Hussman’s extreme risk syndrome present again

John Hussman does the best long-term statistical analysis of the broad equity market, bar none. He has identified a set of four conditions that has appeared at or just before significant tops in the stock market:

Overbought: S&P 500 within 3% of its upper Bollinger bands, at least 7% above its 52-week smoothing, and over 50% above its 4-year low

Overbullish: Investors Intelligence sentiment survey shows bulls above 52% and bears below 27%

Overvalued: Shiller P/E above 18 (it’s currently 23)

Rising yields: 10-year Treasury yields above their level of 6-months earlier.

This condition also appeared in 1929 (followed by a crash and 20 year bear market in real terms) and 1964 (stocks peaked in ’66 before going down 80% in real terms over the next 16 years). When stocks are overbought and overvalued, treasuries have fallen, and most investors are bullish, it is to your great advantage to eliminate market risk (sell your stocks or hedge them).

Why not sell German bonds?

The German 30 year bond is yielding 2.8%:

bloomberg.com

The US 30 year bond is yielding the same:

Yahoo Finance

There is no margin of safety in Germany debt against the strong likelihood that the country will be forced (by Merkel and other banker tools) to absorb the losses of the rest of Europe.

Of course, there is no margin in safety in US bonds either at this price, certainly not enough to compensate for the probability of trillion dollar deficits forever. I expect yields to stay low through this cyclical bear market, but not much beyond that. Bonds will continue to be a good short at times when they are overbought, and we may be approaching such a time.

Analysts and institutions: stocks “extremely cheap” despite 1.7% yields after 80% rally. Hussman & Prechter: another crash likely.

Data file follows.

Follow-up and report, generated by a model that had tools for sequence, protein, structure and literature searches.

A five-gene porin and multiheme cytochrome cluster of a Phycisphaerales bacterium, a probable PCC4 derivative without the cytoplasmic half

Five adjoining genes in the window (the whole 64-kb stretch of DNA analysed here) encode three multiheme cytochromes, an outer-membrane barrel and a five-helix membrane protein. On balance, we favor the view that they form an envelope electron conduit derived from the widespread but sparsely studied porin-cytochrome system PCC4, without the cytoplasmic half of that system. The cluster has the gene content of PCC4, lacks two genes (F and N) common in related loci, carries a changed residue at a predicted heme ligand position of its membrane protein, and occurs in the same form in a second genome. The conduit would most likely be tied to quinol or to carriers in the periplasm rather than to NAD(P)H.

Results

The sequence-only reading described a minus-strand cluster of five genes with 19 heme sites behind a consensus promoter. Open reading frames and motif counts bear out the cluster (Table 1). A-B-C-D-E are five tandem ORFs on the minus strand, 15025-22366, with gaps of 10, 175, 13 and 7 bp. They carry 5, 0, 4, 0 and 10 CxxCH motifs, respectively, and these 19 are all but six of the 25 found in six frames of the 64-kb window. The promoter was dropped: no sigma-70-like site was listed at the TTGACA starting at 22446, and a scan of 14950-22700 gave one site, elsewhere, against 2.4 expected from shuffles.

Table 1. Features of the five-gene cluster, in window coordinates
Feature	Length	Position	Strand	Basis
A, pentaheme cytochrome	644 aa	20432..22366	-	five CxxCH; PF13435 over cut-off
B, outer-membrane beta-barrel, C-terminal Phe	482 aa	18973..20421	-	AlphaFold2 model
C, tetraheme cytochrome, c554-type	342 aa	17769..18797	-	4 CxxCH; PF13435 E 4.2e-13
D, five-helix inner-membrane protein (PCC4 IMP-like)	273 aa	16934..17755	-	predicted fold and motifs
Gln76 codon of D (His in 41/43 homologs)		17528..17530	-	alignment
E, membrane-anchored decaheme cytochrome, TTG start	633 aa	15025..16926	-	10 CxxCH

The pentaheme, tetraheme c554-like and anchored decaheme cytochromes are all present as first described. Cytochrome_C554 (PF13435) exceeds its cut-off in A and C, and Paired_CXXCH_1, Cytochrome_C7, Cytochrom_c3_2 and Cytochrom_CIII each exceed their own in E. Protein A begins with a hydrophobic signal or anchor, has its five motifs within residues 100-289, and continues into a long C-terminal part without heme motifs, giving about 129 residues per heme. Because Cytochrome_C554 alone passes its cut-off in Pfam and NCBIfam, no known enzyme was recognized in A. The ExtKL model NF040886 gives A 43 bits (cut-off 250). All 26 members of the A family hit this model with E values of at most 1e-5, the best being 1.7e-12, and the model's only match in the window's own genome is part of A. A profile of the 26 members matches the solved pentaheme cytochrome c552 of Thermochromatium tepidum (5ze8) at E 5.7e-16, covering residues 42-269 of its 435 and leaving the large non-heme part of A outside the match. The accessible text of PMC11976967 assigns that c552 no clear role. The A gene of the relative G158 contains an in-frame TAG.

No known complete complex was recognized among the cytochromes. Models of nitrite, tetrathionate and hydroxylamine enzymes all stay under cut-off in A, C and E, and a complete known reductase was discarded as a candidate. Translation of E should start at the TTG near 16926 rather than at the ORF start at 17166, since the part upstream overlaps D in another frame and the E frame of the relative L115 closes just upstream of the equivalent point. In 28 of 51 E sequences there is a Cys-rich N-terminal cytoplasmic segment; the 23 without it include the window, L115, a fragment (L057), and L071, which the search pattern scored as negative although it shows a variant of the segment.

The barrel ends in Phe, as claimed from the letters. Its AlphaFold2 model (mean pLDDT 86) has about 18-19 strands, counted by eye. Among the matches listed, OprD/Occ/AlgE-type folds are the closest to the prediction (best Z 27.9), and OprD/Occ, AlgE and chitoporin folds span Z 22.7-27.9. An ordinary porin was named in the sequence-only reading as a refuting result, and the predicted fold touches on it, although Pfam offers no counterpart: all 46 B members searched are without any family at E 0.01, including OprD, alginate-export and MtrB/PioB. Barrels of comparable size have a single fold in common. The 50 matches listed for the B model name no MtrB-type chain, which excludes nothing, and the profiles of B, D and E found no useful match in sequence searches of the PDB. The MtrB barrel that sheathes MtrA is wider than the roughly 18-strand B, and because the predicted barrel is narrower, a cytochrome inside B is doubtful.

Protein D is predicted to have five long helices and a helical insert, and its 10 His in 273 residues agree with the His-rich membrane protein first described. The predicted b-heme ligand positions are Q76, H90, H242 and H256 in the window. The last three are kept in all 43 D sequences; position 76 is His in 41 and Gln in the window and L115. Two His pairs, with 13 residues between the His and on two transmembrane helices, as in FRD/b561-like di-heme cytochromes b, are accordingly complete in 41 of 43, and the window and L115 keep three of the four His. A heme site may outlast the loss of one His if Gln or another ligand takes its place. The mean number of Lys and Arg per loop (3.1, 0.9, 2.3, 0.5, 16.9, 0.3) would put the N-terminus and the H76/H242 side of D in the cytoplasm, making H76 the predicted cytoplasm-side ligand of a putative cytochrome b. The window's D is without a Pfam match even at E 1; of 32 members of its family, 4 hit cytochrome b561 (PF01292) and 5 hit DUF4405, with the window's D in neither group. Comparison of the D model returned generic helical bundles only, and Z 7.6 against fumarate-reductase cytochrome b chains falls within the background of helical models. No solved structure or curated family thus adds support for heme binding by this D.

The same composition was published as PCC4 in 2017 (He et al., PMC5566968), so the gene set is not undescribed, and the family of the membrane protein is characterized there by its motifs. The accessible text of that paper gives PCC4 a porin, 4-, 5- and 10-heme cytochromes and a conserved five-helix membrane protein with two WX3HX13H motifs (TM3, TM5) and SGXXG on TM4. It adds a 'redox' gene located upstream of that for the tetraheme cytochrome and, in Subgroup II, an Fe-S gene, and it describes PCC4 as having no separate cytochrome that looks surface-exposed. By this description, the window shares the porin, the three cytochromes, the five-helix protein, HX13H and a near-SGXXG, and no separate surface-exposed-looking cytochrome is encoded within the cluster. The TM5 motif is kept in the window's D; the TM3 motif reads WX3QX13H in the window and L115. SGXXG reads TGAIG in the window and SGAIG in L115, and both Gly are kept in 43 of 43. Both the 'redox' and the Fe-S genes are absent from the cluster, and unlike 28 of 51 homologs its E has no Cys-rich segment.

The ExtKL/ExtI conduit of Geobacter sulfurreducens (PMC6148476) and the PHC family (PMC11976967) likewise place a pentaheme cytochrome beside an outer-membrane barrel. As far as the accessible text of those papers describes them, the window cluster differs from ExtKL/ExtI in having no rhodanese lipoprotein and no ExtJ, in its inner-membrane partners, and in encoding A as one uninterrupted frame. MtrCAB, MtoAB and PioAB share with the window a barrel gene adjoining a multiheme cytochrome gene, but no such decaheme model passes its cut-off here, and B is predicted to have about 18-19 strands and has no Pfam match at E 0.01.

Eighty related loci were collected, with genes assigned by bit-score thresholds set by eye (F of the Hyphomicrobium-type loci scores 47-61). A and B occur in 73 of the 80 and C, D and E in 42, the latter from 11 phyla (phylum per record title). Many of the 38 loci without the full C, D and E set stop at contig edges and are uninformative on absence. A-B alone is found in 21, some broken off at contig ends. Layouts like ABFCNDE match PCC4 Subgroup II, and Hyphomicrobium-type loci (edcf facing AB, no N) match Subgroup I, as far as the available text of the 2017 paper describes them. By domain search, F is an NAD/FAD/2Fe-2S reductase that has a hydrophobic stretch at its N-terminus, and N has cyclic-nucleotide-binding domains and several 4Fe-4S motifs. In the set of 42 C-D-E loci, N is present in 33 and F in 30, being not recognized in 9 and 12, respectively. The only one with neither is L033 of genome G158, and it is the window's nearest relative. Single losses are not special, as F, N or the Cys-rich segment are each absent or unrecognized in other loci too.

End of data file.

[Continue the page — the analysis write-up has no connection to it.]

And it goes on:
Bloomberg today gives a tour of the bull camp, which believes in a V-shaped recovery and soon-to-be record S&P earnings:

Even after the biggest rally since the 1930s, U.S. stocks remain the cheapest in two decades as the economy improves…

…Income is beating analysts’ estimates by 22 percent in the first quarter, making investors even more bullish that the rally will continue after the index climbed 80 percent since March 2009. While bears say the economy’s recovery is too weak for earnings to keep up the momentum, Fisher Investments and BlackRock Inc. are snapping up companies whose results are most tied to economic expansion.

“The stock market is incredibly inexpensive,” said Kevin Rendino, who manages $11 billion in Plainsboro, New Jersey, for BlackRock, the world’s largest asset manager. “I don’t know how the bears can argue against how well corporations are doing.”

S&P 500 companies may earn $85.96 a share in the next year, according to data from equity analysts compiled by Bloomberg. That compares with the index’s record combined profits of $89.93 a share from the prior 12 months in September 2007, when the S&P 500 was 19 percent higher than today.

Those figures would be for operating earnings, not the bottom line. In recent years it has been increasingly common to simply call operating earnings “earnings” and to imply that multiples on this figure should be compared to historic multiples on the bottom line. Ken Fisher, readers may recall, was running obnoxious video web ads through 2007-2008 touting a continued rally just before stocks fell off a cliff. His equity management firm makes the most money if people are all-in, all the time, as it collects fees as a percent of assets.

Record Pace

The earnings upgrades come as income beats Wall Street estimates at the fastest rate ever for the third time in four quarters. More than 80 percent of the 173 companies in the S&P 500 that reported results have topped estimates, compared with 79.5 percent in the third quarter and 72.3 percent in the three- month period before that, Bloomberg data show.

It is impressive how companies have protected themselves since the downturn began, but the way they have done this is by simply cutting costs, hence the stubborn 9.5% (headline U-3) or 17% (U-6) unemployment rate.

David Rosenberg, as usual, is the cooler head in the room: